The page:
Individual income-tax collections aren't the problem, "even though now it is the increase in the refunds that I think is throwing off the forecast a little bit as well," Hutchinson said.
The 2015 Legislature enacted reductions in individual income rates for Arkansans with taxable income between $21,000 and $75,000 a year. This cut is projected to reduce revenue by about $100 million this fiscal year.
But Sen. Bryan King, R-Green Forest, said he disagrees with Hutchinson's assessment of the budget.
Hutchinson has spent too much money and should cut expenses for the state's Medicaid program, King said.
People always say there is a revenue shortfall instead of a spending problem "when they get into financial trouble," King said.
Seven years ago, King said, Beebe's budget cuts proved the governor was wrong to "expand government" and add new health programs.
In last year's fiscal session, the Legislature and Hutchinson enacted the fiscal-2017 budget with most of its $142.7 million increase targeted for the state Department of Human Services and public schools under the Revenue Stabilization Act. The act distributes general revenue to agencies and programs. Spending is put in Categories A and B, with B the lower priority.
Hutchinson said the $70 million cut will amount to about 55 percent of the $127.9 million allocated to Category B.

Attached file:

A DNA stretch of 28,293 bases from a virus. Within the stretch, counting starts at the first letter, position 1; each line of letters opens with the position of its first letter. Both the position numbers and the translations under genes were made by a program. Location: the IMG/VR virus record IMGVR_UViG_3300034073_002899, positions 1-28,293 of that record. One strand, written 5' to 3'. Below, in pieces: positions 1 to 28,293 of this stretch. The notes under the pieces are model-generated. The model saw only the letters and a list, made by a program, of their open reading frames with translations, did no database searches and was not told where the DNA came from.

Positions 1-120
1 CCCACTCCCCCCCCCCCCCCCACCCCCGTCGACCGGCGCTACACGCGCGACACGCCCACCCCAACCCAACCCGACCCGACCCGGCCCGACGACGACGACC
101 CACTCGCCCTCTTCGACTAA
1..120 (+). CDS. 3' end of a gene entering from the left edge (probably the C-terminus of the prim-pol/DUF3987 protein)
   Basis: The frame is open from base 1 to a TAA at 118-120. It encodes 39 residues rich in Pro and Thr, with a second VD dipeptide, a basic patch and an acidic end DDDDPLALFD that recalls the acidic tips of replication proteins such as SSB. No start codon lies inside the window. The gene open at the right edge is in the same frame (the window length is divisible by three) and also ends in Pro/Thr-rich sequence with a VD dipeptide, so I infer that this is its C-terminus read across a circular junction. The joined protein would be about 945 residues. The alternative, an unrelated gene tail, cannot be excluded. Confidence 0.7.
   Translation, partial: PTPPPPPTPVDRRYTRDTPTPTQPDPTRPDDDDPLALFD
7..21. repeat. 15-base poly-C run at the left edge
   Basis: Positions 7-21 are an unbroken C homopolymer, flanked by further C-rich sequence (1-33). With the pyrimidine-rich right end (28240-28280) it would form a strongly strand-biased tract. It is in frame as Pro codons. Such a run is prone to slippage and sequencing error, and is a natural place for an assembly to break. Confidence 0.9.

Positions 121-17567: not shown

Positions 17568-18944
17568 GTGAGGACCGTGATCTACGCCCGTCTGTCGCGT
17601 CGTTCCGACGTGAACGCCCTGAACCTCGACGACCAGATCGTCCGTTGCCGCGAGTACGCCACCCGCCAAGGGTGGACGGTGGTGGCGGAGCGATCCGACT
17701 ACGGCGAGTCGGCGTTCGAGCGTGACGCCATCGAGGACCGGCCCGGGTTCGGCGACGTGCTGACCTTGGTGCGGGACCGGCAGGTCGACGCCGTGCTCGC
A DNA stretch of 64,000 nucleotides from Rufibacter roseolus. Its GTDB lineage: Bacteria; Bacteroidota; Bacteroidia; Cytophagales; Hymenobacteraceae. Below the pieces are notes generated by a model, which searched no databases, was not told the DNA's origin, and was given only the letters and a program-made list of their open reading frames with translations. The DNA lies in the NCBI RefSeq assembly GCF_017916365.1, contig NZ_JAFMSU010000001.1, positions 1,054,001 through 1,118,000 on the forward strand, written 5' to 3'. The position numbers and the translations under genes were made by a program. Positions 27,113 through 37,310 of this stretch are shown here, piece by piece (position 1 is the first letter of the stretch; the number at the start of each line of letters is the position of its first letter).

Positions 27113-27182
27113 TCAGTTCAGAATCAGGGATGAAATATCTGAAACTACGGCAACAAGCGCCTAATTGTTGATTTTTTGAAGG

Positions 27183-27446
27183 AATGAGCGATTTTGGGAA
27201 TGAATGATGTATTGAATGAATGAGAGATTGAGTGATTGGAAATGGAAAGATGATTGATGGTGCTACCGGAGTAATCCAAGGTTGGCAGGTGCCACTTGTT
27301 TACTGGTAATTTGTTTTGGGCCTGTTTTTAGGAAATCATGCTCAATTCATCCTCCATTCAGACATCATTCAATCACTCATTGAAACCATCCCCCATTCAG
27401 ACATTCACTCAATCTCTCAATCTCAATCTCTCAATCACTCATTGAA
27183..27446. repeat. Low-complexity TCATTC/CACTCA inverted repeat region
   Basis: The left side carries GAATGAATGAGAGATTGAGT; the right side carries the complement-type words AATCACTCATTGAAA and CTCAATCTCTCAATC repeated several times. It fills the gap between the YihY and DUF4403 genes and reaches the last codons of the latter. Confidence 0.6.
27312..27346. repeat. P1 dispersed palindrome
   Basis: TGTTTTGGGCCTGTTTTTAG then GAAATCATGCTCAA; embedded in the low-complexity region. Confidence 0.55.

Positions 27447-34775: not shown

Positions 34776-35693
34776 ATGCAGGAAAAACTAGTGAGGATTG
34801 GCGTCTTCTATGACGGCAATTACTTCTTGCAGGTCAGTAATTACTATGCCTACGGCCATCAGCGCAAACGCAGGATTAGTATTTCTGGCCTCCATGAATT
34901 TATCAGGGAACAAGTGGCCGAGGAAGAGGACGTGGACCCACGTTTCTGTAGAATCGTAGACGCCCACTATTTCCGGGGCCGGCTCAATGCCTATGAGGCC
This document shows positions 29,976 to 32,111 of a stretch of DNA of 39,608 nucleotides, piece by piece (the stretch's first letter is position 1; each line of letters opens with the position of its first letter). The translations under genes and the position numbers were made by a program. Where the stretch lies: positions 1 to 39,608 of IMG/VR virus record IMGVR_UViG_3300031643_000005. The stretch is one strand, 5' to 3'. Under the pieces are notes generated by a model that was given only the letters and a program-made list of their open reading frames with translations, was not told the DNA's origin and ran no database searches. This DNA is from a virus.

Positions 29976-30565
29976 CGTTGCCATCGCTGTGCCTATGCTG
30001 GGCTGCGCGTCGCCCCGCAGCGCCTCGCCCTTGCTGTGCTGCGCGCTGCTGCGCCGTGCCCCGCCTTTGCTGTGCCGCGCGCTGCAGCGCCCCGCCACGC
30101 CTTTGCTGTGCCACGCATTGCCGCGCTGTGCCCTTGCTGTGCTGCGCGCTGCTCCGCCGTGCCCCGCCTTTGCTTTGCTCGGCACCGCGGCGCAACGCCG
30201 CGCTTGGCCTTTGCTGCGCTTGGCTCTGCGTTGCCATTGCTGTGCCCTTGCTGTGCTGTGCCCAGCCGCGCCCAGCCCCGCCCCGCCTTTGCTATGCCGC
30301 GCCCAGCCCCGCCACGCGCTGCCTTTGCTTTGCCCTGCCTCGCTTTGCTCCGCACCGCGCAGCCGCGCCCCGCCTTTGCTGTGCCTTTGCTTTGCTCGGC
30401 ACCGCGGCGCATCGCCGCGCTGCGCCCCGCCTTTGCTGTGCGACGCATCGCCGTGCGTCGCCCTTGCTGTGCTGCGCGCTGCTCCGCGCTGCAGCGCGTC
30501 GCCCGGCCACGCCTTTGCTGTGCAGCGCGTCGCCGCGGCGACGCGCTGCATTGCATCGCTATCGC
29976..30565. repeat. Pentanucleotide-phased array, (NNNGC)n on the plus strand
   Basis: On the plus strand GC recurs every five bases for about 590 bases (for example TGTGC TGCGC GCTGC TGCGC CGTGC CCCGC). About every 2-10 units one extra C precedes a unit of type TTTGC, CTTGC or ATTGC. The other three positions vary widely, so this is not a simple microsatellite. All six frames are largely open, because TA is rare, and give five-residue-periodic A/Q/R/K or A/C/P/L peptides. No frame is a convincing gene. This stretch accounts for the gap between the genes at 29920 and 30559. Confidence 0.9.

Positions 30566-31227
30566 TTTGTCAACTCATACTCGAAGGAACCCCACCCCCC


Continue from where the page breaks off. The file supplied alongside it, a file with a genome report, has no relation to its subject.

Category B has: a Medicaid allocation of $88 million; $23.7 million for the Department of Education, $5.2 million for the merit adjustment fund; $4 million for the Department of Correction; $3.5 million for the Department of Human Services' Behavioral Services Division; $2 million for the Department of Higher Education; and $1.5 million for the Arkansas Economic Development Commission.
Hutchinson said provider payments and payroll won't be reduced at the Human Services Department "because of constrained budget operations" and "savings we will have been able to achieve due to policy differences and changes."
Cindy Gillespie, human services director, said Friday in an email to employees, "I am sending this email to assure you that our goal is to absorb the cut with NO impact on employees' positions, providers or beneficiaries.
"Though we won't know for sure how much of a budget cut DHS will face until closer to the end of the fiscal year, we anticipate receiving about $50 million less than we had expected," Gillespie wrote in her email. "We believe DHS will be able to handle that cut and still take care of the needs of Arkansans who turn to us for assistance."
Kimberly Friedman, a spokesman for the state Department of Education, said Friday when asked that it's "too soon to tell" how the department will cut its budget.
"We will review the budget thoroughly and make necessary adjustments in areas that do not impact educational adequacy. We do know, however, that per pupil foundation funding will not be affected, and categorical funding ... will not be affected," she said.